Built in 1893, Station No. 5 was originally located in the City Hall Annex, on the northeast corner of Howard and Front. Sometime between 1911-1912, it was relocated to the new City Hall at the southwest corner of Wall and Trent.
Because of its central location in downtown Spokane, Station No. 5 was known to entertain many of the local school children. Before public playgrounds, park swimming pools, or supervised recreational centers, children were left to their own devices when it came to personal entertainment. In those days, fire stations always offered a commanding attraction, and the children who spent their Saturdays watching firefighters were "envied by his school mates," and "looked up to as a privileged individual."
In the early days, twice a day, at 8am and 8pm the station bells would chime throughout the town, signaling it was time for the stations to drill their firefighters and their horses. The stall doors would burst open and each of the half dozen or so horses would charge from the stable to take its place under the suspended harnesses in thirty seconds or less. The schoolchildren were star struck as the firefighters descended from the shiny brass poles through the circular opening, only to land effortlessly on the padded mat.
City officials enacted regulations prohibited catering to the "known desires" of the visiting children, yet station personnel found ways to circumvent those regulations. Children felt privileged to help with stable duties, or "police up" the stalls. More daring youngsters were recruited to stand at the back of the horse stalls, and whip a horse in training who did not respond to the clang of the bell. One remembered: "We accepted the responsibility as if the world depended upon our choice of not hitting too hard or too light." Soon, the fire department turned to motorized fire apparatus and the days of the horse-drawn equipment vanished, "so too, for us kids, was the glamour."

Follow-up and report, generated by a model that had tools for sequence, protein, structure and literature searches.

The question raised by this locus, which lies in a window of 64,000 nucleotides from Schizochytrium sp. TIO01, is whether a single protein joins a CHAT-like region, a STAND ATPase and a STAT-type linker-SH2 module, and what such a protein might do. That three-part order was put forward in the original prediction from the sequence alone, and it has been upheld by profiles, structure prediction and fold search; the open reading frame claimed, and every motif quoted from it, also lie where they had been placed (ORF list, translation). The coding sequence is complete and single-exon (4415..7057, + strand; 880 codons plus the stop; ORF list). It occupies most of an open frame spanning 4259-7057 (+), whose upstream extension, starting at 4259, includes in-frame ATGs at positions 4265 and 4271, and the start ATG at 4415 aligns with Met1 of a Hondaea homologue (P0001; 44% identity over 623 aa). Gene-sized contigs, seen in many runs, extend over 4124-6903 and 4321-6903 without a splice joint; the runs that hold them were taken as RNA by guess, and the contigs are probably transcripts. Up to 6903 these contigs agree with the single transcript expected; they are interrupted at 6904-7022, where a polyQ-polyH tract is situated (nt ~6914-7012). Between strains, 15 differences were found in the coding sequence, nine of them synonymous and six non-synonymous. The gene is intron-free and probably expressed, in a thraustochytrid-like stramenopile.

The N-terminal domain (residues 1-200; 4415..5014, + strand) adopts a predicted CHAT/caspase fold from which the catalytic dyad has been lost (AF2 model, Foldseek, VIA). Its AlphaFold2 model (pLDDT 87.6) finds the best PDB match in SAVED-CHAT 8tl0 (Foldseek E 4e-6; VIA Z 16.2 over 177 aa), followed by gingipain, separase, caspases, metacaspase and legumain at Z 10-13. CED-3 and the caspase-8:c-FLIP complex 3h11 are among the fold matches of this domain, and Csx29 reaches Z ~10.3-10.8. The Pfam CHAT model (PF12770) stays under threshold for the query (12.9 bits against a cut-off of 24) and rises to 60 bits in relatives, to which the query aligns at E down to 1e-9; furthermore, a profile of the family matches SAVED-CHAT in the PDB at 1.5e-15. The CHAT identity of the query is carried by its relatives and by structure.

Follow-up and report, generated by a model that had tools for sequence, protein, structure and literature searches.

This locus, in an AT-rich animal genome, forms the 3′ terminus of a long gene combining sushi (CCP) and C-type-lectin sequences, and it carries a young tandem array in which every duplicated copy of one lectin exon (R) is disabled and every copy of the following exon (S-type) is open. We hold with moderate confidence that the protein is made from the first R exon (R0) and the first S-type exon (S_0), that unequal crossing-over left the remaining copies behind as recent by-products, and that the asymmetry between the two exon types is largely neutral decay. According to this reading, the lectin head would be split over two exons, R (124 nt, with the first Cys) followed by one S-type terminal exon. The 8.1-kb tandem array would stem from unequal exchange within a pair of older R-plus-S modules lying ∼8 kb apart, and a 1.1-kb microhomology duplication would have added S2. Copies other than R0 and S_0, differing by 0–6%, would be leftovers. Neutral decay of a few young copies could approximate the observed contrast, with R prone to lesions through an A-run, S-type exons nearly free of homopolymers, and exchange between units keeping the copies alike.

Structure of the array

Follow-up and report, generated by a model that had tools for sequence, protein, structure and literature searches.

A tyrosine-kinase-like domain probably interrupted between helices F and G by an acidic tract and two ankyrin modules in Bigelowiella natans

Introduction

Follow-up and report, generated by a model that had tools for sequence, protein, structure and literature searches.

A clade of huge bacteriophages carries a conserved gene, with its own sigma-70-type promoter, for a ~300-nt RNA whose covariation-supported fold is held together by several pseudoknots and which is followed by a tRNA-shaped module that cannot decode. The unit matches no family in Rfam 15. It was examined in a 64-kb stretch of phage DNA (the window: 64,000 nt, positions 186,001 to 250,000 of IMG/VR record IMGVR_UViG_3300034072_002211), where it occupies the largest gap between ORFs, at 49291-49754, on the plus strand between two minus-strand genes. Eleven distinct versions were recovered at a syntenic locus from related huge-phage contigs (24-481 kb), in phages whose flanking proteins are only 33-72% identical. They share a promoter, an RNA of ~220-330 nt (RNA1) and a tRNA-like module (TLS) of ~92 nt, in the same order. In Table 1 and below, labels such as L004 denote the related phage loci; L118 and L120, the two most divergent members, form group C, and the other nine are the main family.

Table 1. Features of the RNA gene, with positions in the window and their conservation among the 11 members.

Though the days of training horses and mucking out stalls passed, children were still entertained by more formal firefighting displays. In the 1920s, Station No. 5 entertained at Boy Scouts Day, and had been known to put on shows specifically for children in the 1950s. Modern day firefighters routinely show up to grade schools to educate and entertain children. And although the days of schoolchildren spending their Saturdays at local fire stations have passed, boys and girls, men and women, still show interest and support when their local firefighters are out running drills or attending special events.